The Kenya Revenue Authority (KRA) is seeking to venture further into the untapped vast tax collection base in the informal sector that would shift and expand revenue collection as revealed by Wattanga during the 2023 Annual Tax Summit in Nairobi.
KRA pledged to address challenges facing the sector in a bid to incentivize and onboard them into the tax net as it informs the need to design strategies and policy interventions to enable KRA to tap this sector into the tax bracket.
KRA Commissioner General Humphrey Wattanga said that the sector, which is estimated to employ about 15 million people, accounting for 83 percent of the country’s total labor force, has great tax potential and should be facilitated to uphold compliance.
“One of the initiatives under KRA’s tax base expansion program is netting the informal sector into the tax bracket, the majority of whom are the MSMEs,” Wattanga said.
The Summit, held annually in the month of October, provides a platform for tax experts, policymakers, public servants, technocrats, civil society, private sector actors, and academia, among other stakeholders, to engage on pertinent issues that touch on tax systems.
KRA announced that it will be working with the National Treasury to establish policies that will simplify, harmonize, and reduce the multiplicity of taxes owed to the informal sector.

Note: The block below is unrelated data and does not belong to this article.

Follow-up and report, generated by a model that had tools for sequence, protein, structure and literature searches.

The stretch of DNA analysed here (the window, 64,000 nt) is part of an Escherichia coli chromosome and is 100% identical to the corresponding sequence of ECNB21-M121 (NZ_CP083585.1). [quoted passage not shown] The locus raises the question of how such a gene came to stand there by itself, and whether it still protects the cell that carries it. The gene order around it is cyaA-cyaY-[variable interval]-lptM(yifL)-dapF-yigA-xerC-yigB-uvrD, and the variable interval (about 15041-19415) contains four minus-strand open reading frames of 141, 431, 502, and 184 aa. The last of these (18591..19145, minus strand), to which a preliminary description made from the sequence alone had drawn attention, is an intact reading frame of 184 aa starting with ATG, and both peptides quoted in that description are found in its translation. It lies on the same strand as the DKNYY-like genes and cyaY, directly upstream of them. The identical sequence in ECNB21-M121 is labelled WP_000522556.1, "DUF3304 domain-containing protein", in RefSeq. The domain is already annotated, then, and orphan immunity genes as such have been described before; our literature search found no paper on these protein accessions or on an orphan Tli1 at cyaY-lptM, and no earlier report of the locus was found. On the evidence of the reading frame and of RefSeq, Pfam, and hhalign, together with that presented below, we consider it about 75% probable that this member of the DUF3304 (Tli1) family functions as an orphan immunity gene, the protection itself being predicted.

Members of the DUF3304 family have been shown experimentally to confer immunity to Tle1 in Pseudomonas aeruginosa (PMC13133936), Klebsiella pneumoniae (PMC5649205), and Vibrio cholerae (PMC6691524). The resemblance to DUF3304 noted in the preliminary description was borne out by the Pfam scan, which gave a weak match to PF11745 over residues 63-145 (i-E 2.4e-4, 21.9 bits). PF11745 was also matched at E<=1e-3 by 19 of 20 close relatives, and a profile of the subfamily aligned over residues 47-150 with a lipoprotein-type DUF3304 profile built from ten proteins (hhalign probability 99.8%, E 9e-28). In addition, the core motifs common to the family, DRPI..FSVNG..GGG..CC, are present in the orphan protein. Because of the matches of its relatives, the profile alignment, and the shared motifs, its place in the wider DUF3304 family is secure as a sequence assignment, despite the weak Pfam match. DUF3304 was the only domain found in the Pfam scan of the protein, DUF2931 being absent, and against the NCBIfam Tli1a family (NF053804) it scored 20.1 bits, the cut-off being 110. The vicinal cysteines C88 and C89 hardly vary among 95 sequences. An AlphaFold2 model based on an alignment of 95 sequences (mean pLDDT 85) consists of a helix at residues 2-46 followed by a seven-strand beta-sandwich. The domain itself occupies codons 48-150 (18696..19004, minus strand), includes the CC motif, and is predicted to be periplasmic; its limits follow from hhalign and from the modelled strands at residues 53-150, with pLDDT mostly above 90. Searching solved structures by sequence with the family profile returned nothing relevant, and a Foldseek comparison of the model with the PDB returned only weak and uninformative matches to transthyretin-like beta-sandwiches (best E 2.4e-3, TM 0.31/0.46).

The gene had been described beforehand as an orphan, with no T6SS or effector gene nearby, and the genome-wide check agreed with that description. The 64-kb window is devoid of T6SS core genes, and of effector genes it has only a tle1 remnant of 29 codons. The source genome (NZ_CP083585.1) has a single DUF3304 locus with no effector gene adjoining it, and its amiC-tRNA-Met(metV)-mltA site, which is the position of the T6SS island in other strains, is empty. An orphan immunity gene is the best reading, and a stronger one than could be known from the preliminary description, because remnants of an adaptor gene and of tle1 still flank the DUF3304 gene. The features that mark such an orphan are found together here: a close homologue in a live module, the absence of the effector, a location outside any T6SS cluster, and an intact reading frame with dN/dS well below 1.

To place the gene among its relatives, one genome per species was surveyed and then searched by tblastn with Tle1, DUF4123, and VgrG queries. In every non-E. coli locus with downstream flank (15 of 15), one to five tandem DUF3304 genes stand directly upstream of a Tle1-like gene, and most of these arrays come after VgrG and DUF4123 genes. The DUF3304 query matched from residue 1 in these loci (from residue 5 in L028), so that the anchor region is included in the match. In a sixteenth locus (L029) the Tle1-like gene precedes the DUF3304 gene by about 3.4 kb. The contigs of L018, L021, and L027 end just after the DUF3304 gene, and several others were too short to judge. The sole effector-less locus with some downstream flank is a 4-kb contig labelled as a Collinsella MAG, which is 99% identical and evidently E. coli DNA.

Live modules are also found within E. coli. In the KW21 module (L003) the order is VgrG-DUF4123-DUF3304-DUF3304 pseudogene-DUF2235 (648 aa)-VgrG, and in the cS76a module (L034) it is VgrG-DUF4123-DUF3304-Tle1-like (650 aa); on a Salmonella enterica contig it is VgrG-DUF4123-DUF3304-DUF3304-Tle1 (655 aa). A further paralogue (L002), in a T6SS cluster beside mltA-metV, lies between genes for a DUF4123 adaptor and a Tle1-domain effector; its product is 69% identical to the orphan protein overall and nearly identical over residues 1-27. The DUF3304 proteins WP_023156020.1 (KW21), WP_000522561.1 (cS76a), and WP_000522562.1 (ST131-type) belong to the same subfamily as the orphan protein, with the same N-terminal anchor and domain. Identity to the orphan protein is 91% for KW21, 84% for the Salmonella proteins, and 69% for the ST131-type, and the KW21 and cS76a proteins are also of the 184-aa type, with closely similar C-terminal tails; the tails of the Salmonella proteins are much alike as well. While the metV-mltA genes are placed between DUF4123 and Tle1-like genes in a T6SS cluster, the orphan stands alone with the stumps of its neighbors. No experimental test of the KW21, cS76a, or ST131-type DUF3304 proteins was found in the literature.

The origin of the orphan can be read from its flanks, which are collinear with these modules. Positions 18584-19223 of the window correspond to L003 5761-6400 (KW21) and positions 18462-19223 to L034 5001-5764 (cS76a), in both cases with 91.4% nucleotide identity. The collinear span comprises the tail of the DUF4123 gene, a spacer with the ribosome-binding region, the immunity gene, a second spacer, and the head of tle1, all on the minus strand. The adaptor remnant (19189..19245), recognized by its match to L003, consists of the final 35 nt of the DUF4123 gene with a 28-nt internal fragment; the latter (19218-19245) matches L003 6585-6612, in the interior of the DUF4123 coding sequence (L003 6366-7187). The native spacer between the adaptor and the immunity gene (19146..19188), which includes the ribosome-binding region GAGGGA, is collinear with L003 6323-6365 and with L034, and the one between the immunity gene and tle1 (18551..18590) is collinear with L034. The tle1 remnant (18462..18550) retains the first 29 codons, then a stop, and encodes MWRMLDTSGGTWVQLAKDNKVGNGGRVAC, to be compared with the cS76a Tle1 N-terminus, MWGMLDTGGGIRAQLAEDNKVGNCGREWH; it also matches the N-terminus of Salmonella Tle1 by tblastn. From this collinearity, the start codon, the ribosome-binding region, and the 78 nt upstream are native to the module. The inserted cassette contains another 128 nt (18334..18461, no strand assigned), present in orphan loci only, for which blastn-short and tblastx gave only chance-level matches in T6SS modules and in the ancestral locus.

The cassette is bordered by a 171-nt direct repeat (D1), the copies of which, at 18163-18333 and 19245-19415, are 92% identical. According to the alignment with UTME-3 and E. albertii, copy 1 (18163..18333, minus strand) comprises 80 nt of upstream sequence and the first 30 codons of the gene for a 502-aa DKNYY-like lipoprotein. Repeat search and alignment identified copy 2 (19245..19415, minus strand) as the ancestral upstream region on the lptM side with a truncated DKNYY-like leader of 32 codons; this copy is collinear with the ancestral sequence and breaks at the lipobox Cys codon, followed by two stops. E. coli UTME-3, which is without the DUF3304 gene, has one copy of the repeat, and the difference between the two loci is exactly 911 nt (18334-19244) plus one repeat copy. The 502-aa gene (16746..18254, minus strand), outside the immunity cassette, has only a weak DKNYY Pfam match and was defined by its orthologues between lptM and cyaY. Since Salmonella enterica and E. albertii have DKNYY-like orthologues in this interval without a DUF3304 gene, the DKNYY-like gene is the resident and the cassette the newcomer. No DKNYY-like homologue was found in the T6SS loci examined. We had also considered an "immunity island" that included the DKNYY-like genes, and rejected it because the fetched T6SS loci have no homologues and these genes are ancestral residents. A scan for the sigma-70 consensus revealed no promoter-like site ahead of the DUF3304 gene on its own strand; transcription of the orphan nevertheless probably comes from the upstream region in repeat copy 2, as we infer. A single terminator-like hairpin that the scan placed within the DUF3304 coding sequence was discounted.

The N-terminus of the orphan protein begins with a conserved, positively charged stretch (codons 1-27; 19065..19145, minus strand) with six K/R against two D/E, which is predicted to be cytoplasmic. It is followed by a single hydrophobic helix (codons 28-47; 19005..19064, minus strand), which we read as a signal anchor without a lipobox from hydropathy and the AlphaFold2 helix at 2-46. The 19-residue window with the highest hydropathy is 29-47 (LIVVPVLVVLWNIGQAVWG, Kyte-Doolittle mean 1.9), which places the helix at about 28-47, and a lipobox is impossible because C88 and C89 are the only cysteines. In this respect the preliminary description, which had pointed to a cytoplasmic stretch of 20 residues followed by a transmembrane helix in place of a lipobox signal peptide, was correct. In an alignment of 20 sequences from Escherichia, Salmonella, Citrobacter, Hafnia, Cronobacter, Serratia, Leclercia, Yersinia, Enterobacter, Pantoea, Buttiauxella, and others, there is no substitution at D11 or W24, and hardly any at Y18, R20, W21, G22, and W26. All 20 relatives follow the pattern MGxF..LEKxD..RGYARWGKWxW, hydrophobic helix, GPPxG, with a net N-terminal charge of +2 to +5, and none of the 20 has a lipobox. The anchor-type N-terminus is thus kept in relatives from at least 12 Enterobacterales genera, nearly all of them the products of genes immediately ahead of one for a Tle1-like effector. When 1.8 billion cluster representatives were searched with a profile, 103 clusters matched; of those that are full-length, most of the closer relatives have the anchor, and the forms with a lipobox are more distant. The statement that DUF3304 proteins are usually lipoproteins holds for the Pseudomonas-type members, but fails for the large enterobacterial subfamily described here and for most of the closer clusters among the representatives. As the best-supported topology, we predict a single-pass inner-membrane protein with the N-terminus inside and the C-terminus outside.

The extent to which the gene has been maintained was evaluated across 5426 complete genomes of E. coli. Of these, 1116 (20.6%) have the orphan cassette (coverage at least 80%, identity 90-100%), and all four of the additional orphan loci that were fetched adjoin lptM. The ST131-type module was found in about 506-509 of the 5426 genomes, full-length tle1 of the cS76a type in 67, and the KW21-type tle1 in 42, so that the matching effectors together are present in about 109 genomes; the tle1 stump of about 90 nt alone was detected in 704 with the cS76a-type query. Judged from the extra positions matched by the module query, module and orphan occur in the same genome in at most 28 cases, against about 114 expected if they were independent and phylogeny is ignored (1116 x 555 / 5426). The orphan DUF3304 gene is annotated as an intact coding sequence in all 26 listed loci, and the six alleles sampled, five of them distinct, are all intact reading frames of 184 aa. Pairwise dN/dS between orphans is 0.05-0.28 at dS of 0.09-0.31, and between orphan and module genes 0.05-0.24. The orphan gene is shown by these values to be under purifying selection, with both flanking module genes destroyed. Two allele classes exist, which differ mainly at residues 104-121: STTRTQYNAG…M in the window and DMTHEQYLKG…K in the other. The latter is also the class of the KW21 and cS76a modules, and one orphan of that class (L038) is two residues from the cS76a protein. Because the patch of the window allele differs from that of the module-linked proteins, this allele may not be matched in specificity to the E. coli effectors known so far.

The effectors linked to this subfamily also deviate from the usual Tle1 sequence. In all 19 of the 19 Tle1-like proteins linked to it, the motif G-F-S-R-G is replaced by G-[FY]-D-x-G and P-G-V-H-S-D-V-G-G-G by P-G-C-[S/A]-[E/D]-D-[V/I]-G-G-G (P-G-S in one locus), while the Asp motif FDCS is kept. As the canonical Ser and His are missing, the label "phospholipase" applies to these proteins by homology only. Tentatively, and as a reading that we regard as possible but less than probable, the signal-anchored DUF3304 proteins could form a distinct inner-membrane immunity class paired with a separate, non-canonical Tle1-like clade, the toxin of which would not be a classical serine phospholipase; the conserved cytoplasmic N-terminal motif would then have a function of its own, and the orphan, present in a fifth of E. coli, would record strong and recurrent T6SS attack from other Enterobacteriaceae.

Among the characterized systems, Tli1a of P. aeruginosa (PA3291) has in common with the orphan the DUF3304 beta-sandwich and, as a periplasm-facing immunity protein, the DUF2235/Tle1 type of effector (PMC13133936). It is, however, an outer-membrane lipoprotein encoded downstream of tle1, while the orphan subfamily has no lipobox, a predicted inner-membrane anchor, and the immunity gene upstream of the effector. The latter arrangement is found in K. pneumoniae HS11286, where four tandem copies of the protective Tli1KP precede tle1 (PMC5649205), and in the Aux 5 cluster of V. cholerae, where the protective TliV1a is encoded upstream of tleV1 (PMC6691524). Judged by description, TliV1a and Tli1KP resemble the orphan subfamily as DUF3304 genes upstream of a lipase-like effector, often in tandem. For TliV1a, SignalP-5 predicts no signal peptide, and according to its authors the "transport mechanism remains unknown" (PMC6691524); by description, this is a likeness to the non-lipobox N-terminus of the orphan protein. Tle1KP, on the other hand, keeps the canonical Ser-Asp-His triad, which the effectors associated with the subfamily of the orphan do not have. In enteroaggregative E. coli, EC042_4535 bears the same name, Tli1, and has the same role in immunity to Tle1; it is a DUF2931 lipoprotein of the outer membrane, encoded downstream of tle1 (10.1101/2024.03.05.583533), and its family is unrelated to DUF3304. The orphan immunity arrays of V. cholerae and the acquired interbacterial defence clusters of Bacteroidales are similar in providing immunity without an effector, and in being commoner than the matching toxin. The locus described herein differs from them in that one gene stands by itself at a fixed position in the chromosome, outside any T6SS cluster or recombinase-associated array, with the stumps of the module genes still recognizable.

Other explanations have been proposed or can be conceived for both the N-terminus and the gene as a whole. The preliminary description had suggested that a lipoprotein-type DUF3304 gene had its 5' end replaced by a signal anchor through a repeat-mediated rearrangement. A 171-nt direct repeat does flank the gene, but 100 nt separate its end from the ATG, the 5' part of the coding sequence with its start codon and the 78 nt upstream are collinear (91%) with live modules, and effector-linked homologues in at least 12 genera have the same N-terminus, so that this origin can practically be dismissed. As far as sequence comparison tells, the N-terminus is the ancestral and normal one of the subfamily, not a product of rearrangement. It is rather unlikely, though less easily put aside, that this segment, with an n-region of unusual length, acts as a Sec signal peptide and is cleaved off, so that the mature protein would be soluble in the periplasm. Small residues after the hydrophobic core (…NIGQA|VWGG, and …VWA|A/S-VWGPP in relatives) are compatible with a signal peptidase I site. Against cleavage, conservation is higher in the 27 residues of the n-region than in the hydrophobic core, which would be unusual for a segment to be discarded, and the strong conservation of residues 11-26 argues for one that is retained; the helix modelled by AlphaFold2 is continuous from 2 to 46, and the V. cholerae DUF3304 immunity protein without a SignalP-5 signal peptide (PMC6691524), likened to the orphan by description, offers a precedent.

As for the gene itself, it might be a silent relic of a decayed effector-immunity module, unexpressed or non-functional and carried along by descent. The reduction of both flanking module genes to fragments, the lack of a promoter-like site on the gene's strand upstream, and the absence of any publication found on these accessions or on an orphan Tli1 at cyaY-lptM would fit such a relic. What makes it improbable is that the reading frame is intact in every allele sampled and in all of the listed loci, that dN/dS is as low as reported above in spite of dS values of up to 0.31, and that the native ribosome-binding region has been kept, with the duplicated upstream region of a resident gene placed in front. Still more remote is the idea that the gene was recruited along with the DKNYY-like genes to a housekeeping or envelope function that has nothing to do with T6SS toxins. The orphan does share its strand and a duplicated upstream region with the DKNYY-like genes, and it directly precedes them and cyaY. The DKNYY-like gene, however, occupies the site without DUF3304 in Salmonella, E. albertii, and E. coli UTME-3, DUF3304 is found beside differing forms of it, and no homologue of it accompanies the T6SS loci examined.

The expansion of the tax base comes at a time when KRA is expected to collect Sh2.57 trillion for the financial year 2023–24.
Tax experts and technocrats at the summit reiterated the need to develop policies that will create a certain and predictable tax system.
This, they said, will improve tax morale and subsequently inspire fairness, transparency, and accountability.
“Enhancement of tax policies enables the Government to grow tax revenue, provide a legal framework for introducing tax incentives, provide guidance, ensure certainty and establish coherence,” Principal Secretary for Economic Planning James Muhati said.